RAP protocol: all about messages

May 3, 2010 | 4 min Read

Last week I introduced you to the idea of a RAP protocol (bug 311355). This week I want to provide you with further information about how such a protocol can work. First of all we need to take a closer look on the current situation. RAP is divided into two parts. On the server side runs OSGi, RWT-Server and the application bundles. On the client side runs the RWT-client (JavaScript) to render the UI in a browser. The cool thing about this is that we can provide the SWT API on the server side to make single sourcing possible. For this reason we need to keep both sides, server and client, in a consistent state.

RAP already reached this consistent state with a fast and reliable solution. But the solution has one drawback. It couples the client and the server to each other. Currently the server sends JavaScript to the client. This JavaScript will be evaluated on the client side. With a protocol we need no JavaScript within a message. Therefore no evaluation is needed to bring the client in a consistent state. This makes the debugging of messages much easier. Another benefit of the protocol is that we don’t need to generate valid script code on the server side anymore.

To realize the protocol a well formed message will be needed. To create such a message we need to abstract the described situation. The described RAP scenario is nothing else than synchronizing widget trees. Take a look at the picture above to understand what I mean with “synchronizing widget trees”.

But what should a message provide to keep two widget trees in a synchronous state? To answer this question I already analyzed the JavaScript responses from RAP. The result is that a message should be able to hold three different kinds of information:

  • Meta: Every message needs meta information which describe the current request/response. For RAP this message part can hold information about the current request count or the settingstore.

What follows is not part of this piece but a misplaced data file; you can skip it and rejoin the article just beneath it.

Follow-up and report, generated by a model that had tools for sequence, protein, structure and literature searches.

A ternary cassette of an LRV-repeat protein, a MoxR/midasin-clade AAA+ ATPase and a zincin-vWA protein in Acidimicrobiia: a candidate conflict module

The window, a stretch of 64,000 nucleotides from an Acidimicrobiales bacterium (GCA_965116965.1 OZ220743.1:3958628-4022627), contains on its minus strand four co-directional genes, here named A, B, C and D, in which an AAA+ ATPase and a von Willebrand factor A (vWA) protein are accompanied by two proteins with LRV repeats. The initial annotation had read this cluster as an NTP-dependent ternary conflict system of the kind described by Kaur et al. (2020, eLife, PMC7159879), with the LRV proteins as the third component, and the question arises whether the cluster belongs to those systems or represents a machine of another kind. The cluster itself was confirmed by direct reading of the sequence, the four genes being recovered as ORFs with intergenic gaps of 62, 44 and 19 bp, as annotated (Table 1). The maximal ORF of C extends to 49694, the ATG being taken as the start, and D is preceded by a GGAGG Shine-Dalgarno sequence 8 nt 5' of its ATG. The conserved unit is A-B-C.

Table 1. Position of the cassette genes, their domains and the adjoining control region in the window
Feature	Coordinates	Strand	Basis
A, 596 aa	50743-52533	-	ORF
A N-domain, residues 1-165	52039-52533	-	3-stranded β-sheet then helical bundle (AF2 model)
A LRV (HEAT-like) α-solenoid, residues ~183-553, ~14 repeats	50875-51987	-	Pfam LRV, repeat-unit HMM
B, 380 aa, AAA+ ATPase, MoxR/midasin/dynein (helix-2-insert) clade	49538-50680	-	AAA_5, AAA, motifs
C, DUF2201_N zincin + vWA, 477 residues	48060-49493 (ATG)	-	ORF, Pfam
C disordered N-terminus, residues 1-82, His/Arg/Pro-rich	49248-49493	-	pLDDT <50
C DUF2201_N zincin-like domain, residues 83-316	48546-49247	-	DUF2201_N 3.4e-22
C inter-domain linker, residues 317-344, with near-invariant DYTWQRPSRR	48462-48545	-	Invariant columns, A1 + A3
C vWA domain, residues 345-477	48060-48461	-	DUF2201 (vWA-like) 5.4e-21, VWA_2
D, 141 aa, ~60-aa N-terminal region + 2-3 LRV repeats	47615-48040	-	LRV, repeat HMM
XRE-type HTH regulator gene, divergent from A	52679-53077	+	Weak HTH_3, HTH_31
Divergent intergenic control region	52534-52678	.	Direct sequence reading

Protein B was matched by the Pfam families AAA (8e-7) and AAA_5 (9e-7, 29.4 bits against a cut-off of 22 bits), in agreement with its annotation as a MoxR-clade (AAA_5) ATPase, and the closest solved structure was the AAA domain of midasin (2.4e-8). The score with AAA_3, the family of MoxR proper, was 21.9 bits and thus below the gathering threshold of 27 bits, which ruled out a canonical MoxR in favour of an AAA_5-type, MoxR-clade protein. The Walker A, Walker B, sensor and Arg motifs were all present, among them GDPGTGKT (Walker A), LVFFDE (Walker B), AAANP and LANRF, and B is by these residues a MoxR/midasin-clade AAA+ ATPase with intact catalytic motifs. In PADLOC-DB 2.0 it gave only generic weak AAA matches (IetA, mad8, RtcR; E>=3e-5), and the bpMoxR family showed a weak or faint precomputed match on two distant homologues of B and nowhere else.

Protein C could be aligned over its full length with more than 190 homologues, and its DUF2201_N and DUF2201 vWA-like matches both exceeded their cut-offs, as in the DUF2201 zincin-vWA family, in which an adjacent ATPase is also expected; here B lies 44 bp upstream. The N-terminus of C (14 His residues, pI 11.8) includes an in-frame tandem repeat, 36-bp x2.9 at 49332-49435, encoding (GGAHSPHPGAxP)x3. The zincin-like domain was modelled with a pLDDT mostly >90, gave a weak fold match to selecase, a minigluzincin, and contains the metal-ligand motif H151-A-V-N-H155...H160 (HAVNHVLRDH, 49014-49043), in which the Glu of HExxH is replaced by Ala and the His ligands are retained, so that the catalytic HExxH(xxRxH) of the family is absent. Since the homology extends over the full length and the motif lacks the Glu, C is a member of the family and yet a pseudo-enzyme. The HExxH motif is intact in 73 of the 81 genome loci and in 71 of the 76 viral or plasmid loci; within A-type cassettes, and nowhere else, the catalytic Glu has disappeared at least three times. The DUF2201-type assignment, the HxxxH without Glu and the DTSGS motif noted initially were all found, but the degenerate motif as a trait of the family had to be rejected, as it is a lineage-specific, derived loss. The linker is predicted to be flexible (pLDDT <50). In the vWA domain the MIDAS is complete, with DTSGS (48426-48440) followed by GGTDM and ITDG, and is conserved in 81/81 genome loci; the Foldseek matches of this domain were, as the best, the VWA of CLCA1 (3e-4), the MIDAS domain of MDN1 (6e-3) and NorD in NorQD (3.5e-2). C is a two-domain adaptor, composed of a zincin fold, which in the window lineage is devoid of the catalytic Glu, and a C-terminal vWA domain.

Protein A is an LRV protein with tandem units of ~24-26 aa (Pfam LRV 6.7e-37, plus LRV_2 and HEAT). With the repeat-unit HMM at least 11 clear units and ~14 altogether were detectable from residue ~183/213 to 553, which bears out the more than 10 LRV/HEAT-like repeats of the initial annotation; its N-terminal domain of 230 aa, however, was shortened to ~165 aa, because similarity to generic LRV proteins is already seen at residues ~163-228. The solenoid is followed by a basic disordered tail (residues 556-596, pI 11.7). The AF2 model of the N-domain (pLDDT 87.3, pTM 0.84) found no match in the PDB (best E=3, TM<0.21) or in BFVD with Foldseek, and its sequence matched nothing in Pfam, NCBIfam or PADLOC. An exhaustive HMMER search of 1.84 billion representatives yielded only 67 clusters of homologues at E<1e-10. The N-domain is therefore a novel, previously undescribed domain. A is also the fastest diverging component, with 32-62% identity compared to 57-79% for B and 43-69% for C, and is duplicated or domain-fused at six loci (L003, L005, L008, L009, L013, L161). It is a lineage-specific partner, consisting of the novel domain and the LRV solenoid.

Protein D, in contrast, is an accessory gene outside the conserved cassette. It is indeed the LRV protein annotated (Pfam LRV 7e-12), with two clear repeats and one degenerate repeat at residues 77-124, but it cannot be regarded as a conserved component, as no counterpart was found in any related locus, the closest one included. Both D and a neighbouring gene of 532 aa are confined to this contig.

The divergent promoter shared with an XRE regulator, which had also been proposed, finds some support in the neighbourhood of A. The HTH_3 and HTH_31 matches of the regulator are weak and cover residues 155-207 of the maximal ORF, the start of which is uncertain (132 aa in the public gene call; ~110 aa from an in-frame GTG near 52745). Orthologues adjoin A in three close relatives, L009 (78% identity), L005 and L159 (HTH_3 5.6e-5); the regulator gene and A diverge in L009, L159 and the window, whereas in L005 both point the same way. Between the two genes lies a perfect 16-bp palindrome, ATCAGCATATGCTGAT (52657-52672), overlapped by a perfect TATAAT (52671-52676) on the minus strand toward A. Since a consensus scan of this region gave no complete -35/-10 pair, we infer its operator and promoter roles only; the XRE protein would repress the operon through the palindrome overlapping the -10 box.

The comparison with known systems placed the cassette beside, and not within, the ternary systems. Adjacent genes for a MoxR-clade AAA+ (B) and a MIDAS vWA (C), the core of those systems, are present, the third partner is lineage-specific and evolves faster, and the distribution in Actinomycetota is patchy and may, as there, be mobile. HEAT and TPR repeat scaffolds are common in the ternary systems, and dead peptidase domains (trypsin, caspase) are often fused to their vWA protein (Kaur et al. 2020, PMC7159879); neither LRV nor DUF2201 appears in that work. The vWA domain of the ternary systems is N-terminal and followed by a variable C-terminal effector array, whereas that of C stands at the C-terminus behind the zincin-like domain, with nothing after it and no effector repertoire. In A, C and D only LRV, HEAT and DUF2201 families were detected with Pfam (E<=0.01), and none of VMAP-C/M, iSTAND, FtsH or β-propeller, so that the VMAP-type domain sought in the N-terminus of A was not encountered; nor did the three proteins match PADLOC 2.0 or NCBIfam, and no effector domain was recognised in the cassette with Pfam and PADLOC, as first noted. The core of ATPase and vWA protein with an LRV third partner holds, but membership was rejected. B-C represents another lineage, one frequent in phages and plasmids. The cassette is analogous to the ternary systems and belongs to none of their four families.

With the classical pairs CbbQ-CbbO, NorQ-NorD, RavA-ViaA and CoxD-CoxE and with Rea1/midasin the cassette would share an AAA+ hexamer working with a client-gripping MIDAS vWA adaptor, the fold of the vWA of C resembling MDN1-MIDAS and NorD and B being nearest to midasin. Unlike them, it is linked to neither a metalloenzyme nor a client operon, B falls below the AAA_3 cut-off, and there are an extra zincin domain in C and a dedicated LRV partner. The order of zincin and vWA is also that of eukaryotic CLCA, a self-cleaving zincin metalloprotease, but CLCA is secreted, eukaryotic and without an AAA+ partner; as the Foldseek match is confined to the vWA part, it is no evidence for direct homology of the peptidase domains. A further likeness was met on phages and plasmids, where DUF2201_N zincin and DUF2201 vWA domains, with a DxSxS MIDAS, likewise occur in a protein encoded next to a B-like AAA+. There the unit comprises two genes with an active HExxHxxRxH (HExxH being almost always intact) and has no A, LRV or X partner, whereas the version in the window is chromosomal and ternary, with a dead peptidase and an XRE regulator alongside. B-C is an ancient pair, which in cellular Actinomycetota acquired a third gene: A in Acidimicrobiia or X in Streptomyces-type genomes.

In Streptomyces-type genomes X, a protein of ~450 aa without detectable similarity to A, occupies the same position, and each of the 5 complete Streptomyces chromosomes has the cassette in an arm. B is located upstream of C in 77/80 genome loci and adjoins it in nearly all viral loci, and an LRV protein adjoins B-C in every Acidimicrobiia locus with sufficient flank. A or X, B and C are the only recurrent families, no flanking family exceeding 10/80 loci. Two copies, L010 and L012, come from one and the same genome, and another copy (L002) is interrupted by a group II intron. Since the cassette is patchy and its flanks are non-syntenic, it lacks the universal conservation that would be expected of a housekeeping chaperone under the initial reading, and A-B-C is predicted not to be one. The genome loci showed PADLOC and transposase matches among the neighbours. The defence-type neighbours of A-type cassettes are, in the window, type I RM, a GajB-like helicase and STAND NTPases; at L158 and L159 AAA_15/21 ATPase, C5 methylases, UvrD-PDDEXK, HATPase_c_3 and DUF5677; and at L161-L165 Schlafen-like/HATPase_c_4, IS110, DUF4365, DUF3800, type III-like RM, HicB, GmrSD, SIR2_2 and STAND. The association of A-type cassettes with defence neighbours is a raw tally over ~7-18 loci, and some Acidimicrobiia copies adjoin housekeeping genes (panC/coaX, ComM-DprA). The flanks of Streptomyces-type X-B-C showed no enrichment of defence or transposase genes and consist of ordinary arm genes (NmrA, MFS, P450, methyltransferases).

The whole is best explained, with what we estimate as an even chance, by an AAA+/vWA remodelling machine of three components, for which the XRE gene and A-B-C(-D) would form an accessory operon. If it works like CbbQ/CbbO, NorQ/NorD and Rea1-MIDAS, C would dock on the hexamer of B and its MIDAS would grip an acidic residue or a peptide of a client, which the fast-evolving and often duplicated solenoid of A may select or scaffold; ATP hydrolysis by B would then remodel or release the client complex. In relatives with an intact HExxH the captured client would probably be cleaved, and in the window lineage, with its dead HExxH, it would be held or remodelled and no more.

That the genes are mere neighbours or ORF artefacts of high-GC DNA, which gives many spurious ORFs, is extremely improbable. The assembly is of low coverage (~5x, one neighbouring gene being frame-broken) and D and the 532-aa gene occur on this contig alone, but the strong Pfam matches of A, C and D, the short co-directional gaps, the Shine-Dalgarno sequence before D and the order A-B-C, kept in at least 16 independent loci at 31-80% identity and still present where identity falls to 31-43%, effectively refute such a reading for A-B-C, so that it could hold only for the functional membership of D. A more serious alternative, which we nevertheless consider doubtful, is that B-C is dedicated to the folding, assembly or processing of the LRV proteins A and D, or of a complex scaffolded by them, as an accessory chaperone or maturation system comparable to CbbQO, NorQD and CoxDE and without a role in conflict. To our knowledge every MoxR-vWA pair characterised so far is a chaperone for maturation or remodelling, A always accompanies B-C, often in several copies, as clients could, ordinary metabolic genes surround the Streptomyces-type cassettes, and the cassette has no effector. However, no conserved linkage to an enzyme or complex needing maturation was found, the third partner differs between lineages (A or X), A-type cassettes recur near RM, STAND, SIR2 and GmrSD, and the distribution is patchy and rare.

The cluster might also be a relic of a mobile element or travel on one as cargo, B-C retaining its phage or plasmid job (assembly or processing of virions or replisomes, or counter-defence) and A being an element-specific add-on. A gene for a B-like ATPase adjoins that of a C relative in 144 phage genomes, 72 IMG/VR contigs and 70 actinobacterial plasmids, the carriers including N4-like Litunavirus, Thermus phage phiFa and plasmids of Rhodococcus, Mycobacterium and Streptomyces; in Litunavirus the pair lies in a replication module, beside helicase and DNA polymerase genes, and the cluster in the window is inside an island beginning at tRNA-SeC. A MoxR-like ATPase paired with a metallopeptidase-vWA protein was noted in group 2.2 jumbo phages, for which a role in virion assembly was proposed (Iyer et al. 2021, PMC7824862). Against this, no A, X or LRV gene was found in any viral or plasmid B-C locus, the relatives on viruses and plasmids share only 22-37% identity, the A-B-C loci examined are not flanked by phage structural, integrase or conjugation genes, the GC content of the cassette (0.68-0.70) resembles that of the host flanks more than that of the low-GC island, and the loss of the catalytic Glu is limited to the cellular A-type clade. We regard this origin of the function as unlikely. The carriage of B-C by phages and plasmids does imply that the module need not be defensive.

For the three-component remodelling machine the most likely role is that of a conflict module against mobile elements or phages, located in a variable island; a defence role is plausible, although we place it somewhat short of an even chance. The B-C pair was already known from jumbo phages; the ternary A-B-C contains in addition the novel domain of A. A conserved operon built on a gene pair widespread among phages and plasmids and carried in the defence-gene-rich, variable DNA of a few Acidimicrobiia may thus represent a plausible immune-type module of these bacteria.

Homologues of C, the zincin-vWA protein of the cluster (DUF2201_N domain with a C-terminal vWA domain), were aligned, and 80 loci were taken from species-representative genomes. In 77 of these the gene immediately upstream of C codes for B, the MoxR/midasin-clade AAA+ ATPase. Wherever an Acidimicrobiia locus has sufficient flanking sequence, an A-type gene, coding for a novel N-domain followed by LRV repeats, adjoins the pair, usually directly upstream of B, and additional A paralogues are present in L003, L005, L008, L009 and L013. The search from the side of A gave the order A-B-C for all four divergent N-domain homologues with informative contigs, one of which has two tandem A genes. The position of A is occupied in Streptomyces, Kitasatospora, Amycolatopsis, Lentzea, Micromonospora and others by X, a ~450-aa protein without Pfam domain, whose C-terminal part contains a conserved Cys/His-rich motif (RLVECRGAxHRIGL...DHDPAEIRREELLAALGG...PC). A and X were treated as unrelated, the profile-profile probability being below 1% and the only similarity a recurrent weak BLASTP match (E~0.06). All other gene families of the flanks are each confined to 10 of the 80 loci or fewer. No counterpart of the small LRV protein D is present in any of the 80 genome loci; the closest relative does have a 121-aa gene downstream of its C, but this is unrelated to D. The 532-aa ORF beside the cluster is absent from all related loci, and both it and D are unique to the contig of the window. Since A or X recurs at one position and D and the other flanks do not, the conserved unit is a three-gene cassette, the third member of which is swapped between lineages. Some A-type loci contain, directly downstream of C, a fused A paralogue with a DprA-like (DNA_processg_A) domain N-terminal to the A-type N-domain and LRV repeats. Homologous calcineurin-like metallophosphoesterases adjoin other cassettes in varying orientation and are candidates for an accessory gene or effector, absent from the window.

• Device: As you probably know, RAP is multi user aware. Therefor every user gets a new instance of Display. The display marks the root node of every widget tree. So, the display is always the same while a user session exists. As a result of this, display information are needed on every request/response. With display information I mean information e.g. about the focused control or mouse coordinates.
  • Widgets: With widgets I mean information that are widget relevant.

I think the most interesting of these three message parts is the widgets part. The whole synchronization process should be modeled by this part. To do this, the widgets part must be able to represent seven different tasks:

  • Construction: When a widget is created on the server side it should be created on the client too.
  • Destruction: When a widget is going to be disposed on the server it should be disposed on the client too.
  • Synchronization: Ever user action has a status change as a result. This changed status need to be sent to the server. On the other side, server widget status changes should also be sent to the client.
  • Eventlistener: With RAP we live in a distributed environment. As a result of this every event on a widget provokes a request to the server. Currently only events of interest will be sent to the server to keep the count of requests as minimal as possible. To perceive this the server needs to inform the client widget if it should send requests for some kind of event.
  • Events: When an event needs to be send to the server, the event order matters. E.g. if an widget has two listeners for mouse and selection events it’s important to send the correct event order to execute the correct server code. In the example the right order is: mouse-down, selection and finally mouse-up.
  • Methods: Sometimes it’s necessary that the server executes a method on a client widget. Widgets are just objects on the client side.
  • Scripting: I think a protocol messages should be able to contain native code, e.g. JavaScript code. This will speed up a migration phase because hybrids are possible. With a hybrid I mean a RAP client which listens to protocol messages but also allows to evaluate JavaScript.

I would like to know what do you think about the described message content. I think the described content should cover a whole synchronization scenario. Maybe you have some ideas about speed up things or make them more clearer? I think the next step on the way to the protocol is to model an example message and to choose the messaging format. I will keep you up to date about the progress.